How has Covid-19 affected or even sparked innovative ways in your department to manage or help your staff complement to perform their duties?
Covid-19 has shifted our mindset towards how we do things. It forced us to adjust and adapt rapidly. This has made us to reflect as government. We have transitioned to using digital platforms to communicate with employees. Government is developing innovative ways to ensure that staff performs efficiently. One of the challenges faced in the public sector is the lack of funds. Funding impacts on the availability of tools of trade so that employees can work remotely.
On the contrary, this crisis has brought people to work together with a heightened sense of empathy. So, in spite of the tragic and disruptive impacts of Covid-19, it teaches us to be more considerate and to look out for one another.
I believe that this deep challenge has proved beyond all doubt, the importance of people and good human resource management. To be in the forefront of innovation, we need talent that can develop because, what you knew yesterday might not be relevant in the future. That goes back to developing people with diverse skills and providing a variety of experiences.
What is your definition of success and do you feel you have achieved it?
My definition of success is doing everything with excellence to the best of your ability. No matter how little the task is, if I do something and give it my all, I feel that I have succeeded. To a certain extend yes, I do feel I have achieved my definition of success. I remember when I started working, I wrote down a 10-year goal plan and looking back now, I have ticked off most of the things I had planned to achieve. I wouldn’t have achieved those if I was not mindful that every effort I put in, ultimately contributes to a bigger picture.
Do you have a mentor that helps you in your career journey, why or why not? Are they important for one’s success?
I do not have someone that is officially my mentor. I always draw from people around me who are more knowledgeable and experienced in my field. However, I have one friend who has consistently been my point of reference when I need assistance and guidance. Having someone to learn from has contributed positively to my career growth. There’s always someone who knows more than you do, or someone who holds a different perspective.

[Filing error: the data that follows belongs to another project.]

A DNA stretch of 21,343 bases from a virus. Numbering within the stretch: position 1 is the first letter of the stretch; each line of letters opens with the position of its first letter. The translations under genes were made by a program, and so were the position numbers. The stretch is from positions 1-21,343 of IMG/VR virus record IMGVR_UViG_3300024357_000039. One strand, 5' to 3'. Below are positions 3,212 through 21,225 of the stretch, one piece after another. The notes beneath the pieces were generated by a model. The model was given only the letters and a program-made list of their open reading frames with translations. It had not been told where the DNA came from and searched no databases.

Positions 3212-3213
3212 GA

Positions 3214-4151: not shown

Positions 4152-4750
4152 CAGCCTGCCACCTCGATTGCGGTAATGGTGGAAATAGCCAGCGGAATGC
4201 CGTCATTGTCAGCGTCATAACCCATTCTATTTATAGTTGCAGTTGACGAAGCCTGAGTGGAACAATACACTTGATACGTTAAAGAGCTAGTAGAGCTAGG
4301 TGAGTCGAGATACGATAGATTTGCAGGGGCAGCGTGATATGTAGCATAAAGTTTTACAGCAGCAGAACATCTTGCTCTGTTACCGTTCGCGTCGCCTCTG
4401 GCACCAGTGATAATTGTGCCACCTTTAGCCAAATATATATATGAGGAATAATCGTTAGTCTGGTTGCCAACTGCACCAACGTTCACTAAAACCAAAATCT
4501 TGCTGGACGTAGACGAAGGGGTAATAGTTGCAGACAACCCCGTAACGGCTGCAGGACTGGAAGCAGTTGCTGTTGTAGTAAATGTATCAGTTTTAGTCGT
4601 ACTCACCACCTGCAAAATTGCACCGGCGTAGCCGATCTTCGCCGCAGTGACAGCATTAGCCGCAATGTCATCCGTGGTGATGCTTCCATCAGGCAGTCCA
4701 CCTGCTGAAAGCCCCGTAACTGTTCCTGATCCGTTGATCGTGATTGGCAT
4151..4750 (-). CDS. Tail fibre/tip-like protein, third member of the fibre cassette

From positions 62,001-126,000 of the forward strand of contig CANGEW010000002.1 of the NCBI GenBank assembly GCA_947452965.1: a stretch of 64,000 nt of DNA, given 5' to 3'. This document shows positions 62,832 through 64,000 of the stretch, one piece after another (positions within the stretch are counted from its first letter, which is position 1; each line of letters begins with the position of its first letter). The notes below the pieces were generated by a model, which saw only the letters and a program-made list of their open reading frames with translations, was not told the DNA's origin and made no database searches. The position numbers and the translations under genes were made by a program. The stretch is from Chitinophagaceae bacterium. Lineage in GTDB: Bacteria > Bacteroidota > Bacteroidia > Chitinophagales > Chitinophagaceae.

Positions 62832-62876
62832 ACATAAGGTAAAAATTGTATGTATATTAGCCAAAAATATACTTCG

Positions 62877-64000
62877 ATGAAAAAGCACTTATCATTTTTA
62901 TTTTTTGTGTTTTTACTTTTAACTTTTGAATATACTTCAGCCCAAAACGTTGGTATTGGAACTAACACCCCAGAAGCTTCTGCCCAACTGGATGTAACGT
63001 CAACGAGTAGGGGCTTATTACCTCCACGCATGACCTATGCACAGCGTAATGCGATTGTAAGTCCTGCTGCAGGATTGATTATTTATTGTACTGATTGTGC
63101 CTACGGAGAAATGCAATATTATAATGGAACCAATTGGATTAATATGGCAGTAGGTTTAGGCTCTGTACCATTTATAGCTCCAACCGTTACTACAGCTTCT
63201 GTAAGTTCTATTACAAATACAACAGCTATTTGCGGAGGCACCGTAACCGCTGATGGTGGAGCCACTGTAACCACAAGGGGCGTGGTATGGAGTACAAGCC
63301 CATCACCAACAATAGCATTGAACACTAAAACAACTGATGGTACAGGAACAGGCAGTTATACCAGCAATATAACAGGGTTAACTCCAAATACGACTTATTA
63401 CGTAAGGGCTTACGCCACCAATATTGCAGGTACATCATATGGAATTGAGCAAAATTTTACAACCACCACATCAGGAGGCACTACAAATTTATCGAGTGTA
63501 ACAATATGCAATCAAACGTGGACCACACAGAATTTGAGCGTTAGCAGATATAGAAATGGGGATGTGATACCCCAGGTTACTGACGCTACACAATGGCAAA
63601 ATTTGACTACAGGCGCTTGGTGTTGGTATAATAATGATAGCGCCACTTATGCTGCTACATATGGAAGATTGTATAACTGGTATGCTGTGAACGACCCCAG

What is the best career advice you have received that you still apply today?
Don’t be afraid to ask. This was from my mentor friend. It’s one of the best ways to keep on learning. Don’t always assume you know something completely.
Also, there are notions of nepotism that discourage many people from applying for jobs in government institutions, how do you as an HR practitioner tackle that?
True. A lot of people do not apply in government institutions because they hold that notion- that there is corruption and nepotism. There are existing systems that have been intensified to eliminate matters of unethical conduct. Interventions such as the establishments of Ethics and Anti-Corruption units, forensic services, auditing services and other monitoring and evaluation systems assist in detecting and correcting acts that may be unethical and irregular. Human resource is a highly regulated industry in the public services. Every action and process need to be justified by a prevailing legislation, directive or guidelines.
What change would you like to implement within your role?
I would like to be a more strategic partner in the workplace. Driving service delivery from an integrated point of view as we are in the process of formulating an inclusive and diverse agenda. This is imperative in improving the corporate culture. I want to stay relevant by positioning myself in the forefront of innovation. The current climate in government looks demotivated, the fundamental role of leadership is to instil confidence and hope in people, lead with authenticity and walk the talk.
Lastly, what are your success tips for young people?
As the saying says, if you want to see any change in the world it starts with you. When doing your work, do it to the best of your ability and it will speak for itself. This will inspire others to do the same. I would encourage people not to get tired of doing good, one way or the other the universe has a way of rewarding hard work. Lastly, always remember that your attitude will determine how far you go in life, be willing to learn and take on tasks with a positive attitude, this will take your far.
Image source: Supplied
Visit: Office of the premier